Mellow Yellow - Cornell's First Start




When Vintage Wings of Canada first opened its doors, it was to a new world of vintage aircraft operation and restoration. Prior to this, Ottawa and Gatineau were ostensibly barrenlands of restoration knowledge... hell, we'd have been lucky if we ever saw a single vintage aircraft pass overhead in a year. In the years since, we have seen that a determined group of volunteers lead by key experienced folks like Deryck Hickox, Andrej Janik, Guy Richard or Oscar Verdugo can strip a wreck or barely flyable aircraft down to nothing but unconnected parts and bring it back, not just to flyable condition, but to a world-class level not surpassed by anyone. And do it with joy and camaraderie.

In a world where our outside experience has been disappointing at times, our own ability to do it ourselves, to do it right and to do it efficiently, leads us to believe that much more is possible. In a world where, in another project, a simple radial engine gets sent out for overhaul and comes back four and a half years later - damaged and in less than expected standard, our Fairchild Cornell stands out as the gold, or shall we say, yellow standard in aircraft restoration on a tight schedule.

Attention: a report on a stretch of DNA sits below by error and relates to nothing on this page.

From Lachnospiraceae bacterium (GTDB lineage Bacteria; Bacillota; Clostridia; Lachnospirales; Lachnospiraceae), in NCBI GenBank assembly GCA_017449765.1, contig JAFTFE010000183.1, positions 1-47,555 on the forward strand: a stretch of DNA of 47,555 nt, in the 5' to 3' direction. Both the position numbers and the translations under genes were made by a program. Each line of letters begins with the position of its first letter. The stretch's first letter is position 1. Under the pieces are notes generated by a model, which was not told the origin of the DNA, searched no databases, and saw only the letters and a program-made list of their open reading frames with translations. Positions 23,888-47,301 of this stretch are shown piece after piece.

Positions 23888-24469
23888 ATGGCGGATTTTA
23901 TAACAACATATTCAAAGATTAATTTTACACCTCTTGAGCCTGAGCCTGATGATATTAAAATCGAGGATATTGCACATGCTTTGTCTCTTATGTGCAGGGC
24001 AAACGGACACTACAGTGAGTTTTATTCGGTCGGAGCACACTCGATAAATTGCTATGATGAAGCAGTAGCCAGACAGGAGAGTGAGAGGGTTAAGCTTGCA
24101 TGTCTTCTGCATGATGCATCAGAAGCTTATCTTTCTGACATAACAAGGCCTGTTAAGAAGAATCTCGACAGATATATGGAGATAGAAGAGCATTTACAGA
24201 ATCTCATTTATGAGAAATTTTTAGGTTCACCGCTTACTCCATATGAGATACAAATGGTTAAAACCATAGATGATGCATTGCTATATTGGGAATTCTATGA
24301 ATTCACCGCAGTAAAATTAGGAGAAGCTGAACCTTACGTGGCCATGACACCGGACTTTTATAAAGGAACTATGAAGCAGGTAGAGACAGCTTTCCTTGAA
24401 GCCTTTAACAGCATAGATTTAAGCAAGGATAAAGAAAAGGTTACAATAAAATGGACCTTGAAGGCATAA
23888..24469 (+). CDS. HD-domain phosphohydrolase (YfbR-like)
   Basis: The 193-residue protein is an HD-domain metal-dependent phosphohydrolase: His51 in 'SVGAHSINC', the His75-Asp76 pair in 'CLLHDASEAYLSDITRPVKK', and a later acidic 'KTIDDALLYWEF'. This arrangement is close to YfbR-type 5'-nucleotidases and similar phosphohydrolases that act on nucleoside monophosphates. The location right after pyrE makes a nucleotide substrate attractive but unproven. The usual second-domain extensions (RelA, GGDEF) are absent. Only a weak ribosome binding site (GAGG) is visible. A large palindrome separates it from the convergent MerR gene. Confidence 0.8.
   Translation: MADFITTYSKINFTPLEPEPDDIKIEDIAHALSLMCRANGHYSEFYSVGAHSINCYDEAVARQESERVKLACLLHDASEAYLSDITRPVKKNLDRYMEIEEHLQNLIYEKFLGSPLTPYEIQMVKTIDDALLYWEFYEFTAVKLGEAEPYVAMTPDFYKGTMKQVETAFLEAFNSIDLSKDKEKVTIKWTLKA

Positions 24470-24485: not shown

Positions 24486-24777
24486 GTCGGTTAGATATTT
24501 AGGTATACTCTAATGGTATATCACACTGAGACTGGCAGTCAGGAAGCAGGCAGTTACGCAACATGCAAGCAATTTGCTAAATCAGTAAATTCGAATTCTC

Yesterday, Tuesday May 17, 2011, the team rolled the completed Cornell out to the ramp and fired her up. She started almost immediately and in a matter of moments and a few tweaks, was running like a John Deere tractor rolling off the assembly line. Today or tomorrow, she should be flying and before long she will set out upon a journey of discovery and outreach.

The Yellow Wings program will take her to Alberta, the West Coast, Oshkosh and the East Coast. She is not only a flying testament to the accomplishments of the British Commonwealth Air Training Plan, but to the skills of committed volunteers and technicians and to the drive of an organization dedicated to success. In many ways, VWC is a latter day BCATP - a system of knowledge transfer, a bastion of professionalism and a spirit imbued with passion.